COMFORT ME WITH SOUP!
This soup is one of those “special” soups not because it takes a lot of skill to prepare, but because it takes so much time to make. I like to boil this soup for at least 8 hours, until the gelatin falls off the beef knuckle bones in soft and savory pieces that float in the millky white broth and then melt in your mouth.
I love this soup–it is a childhood comfort dish for me–but it has become one of those dishes I make while the hubby is out of town; the concept of beef knuckle bones is just not that appealing a thought to most Western palates.
The house is filled with the savory, gamey aroma of the soup while I boil it for hours and hours, checking to see if the gelatin has softened (it starts out solid, then it becomes very very chewy and tough like tendon, and then ultimately something soft and delicate (you can feel the give of the gelatin under a spoon). The soft and delicate stage is what you want).
This soup takes a lot of patience, but on a homebound, cold winter day alone, this is a comforting activity. Keep simmering, putter around the house, wait for soup, savor smells, feel the anticipation. When you serve it to someone who KNOWS what this soup is, they’ll feel the love–after all, it took you 8 hours (or more) to make this soup!
Today, I’m feeling the love for myself! I think I need it–for some reason I’ve been in the doldrums. Life seems complicated and loud–so I decided to reach for a simple, soothing soup with a good dose of patience. For the past twenty-four hours, I’ve been focused on one thing: this soup. Yah. Like dudes diminish their focus to a video game for a day, I’ll tunnel on soup, thank you.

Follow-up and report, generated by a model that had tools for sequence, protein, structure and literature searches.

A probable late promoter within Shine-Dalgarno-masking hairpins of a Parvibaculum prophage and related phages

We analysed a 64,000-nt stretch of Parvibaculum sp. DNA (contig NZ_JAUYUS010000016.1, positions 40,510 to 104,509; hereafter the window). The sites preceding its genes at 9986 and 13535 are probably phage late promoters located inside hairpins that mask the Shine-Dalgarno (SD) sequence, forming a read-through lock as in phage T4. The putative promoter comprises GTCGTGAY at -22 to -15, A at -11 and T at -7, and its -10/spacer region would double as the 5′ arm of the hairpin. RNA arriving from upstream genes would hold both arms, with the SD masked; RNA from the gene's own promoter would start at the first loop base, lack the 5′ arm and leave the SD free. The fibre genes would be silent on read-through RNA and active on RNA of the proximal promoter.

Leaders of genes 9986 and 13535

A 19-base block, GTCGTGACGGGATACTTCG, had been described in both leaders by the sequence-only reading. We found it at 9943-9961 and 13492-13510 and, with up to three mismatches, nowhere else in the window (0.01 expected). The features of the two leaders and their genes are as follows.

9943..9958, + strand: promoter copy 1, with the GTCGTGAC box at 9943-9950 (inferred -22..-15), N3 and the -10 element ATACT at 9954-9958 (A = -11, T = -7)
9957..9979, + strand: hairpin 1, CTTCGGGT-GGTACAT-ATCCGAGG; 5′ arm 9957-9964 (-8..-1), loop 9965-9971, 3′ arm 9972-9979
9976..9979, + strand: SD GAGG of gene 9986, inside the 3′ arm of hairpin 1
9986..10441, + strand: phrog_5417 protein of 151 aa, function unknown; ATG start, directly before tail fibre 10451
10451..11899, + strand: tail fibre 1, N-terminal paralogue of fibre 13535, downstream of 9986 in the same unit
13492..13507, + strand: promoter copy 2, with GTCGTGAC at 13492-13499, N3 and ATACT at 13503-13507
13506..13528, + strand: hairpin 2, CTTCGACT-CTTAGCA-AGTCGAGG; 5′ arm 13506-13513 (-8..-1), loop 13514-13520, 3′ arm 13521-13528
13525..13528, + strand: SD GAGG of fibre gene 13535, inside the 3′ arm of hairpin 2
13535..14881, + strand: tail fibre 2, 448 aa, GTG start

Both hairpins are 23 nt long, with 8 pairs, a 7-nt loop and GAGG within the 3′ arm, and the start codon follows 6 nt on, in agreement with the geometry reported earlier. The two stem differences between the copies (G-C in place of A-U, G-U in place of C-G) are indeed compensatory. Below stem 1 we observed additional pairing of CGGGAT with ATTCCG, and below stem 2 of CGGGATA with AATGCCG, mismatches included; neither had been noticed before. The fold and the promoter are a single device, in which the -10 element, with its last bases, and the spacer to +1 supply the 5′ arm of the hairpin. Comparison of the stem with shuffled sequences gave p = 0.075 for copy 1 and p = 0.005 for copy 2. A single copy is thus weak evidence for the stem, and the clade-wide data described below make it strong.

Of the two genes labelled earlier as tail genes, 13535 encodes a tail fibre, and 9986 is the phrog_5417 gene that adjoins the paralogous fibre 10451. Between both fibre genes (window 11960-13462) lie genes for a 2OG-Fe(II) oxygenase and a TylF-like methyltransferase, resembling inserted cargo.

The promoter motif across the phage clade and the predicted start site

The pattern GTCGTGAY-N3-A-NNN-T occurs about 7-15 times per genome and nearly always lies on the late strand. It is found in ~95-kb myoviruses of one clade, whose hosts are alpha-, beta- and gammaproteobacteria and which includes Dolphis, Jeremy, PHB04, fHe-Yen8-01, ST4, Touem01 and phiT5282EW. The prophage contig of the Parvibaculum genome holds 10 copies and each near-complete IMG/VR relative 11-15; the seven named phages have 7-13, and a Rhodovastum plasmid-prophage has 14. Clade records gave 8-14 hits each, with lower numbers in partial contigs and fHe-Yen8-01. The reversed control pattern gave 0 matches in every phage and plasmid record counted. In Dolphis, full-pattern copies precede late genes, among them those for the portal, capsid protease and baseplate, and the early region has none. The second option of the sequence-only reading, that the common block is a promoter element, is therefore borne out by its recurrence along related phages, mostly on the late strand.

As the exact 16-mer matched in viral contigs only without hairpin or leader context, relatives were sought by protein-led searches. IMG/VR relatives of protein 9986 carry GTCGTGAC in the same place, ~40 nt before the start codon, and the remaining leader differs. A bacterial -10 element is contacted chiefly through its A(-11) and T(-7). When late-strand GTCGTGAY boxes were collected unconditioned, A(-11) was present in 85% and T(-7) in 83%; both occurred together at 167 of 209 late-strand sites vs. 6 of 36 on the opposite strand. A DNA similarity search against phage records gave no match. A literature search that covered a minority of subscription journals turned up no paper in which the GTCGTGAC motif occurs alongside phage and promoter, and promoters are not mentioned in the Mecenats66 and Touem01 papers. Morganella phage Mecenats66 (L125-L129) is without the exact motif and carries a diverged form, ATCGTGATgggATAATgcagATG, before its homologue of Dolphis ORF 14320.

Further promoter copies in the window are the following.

As with many Korean dishes like sam gye tang ginseng chicken, this soup is known to have medicinal qualities. My health-conscious mother always told me this was “bone soup, with lots of calcium!” It does have a lot of calcium. (Today, it’s been healthy to me in other ways).
Haha–bone soup! Because were totally Americanized kids, she didn’t tell us WHICH bones until we had fallen in love with the soup.
Some people like to add sliced daikon radish to the soup (I do, too–though I didn’t have daikon radish at home this time). The essence of the soup, however, requires very little but the beef knucklebones (called “sagol or “tongani” at Korean grocery stores).
Recipe follows after the jump…
Korean Beef Knuckle (or Knucklebone) Soup: Sullung Tang
2 pounds beef knuckle bones (sagol or togani)
3 cloves garlic, chopped
2 green onions, chopped
salt to taste
lots of water
optional: 1 daikon radish, peeled and cut into thin 1 inch squares
In a large bowl, soak the bones for a couple hours in cold water, drain and set aside. Fill a heavy stockpot with water and bring to boil. Add bones. Bring to a boil over medium-high heat, skimming off the impurities with a slotted spoon. Decrase teh heat to low and simmer for at least 8 hours or overnight.
Add the radish, garlic, and green onions to the pot and bring to a boil. Decrase the heat to low and simmer for 2 hours.
Serve with bowls of rice and kimchi. Serve with salt and black pepper so your guests can adjust the seasoning to their liking.